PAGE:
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How to be on the lookout for misinformation when using generative AI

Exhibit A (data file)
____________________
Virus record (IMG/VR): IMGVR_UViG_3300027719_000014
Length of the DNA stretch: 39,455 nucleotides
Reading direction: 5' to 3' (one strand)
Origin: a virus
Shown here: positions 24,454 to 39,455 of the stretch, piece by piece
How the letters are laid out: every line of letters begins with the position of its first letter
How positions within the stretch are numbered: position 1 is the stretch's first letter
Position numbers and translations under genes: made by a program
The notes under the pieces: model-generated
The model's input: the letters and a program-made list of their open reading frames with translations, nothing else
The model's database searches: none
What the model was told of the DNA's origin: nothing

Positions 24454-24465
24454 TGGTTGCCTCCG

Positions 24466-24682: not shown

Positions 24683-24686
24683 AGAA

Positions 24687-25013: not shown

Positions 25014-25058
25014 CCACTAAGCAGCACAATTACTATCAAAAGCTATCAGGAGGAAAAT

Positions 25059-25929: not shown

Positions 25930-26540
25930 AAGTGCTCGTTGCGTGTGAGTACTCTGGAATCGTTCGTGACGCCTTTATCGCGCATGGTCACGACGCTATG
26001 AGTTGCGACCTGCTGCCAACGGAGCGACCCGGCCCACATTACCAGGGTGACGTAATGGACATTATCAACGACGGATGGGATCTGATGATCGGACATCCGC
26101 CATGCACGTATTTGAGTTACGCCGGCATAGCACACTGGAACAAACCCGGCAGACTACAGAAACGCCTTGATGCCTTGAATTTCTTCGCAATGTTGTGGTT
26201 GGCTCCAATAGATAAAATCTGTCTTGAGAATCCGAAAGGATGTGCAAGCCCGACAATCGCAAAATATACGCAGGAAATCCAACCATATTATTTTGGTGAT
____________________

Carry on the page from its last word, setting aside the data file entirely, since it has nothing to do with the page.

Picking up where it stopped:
Fast Company: “Until very recently, if you wanted to know more about a controversial scientific topic—stem cell research, the safety of nuclear energy, climate change—you probably did a Google search. Presented with multiple sources, you chose what to read, selecting which sites or authorities to trust. Now you have another option: You can pose your question to ChatGPT or another generative artificial intelligence platform and quickly receive a succinct response in paragraph form. ChatGPT does not search the internet the way Google does. Instead, it generates responses to queries by predicting likely word combinations from a massive amalgam of available online information. Although it has the potential to enhance productivity, generative AI has been shown to have some major faults. It can produce misinformation. It can create hallucinations—a benign term for making things up. And it doesn’t always solve reasoning problems accurately. For example, when asked if both a car and a tank can fit through a doorway, it failed to consider both width and height. Nevertheless, it is already being used to produce articles and website content you may have encountered, or as a tool in the writing process. Yet you are unlikely to know if what you’re reading was created by AI. As the authors of Science Denial: Why It Happens and What to Do About It, we are concerned about how generative AI may blur the boundaries between truth and fiction for those seeking authoritative scientific information. Every media consumer needs to be more vigilant than ever in verifying scientific accuracy in what they read. Here’s how you can stay on your toes in this new information landscape…”

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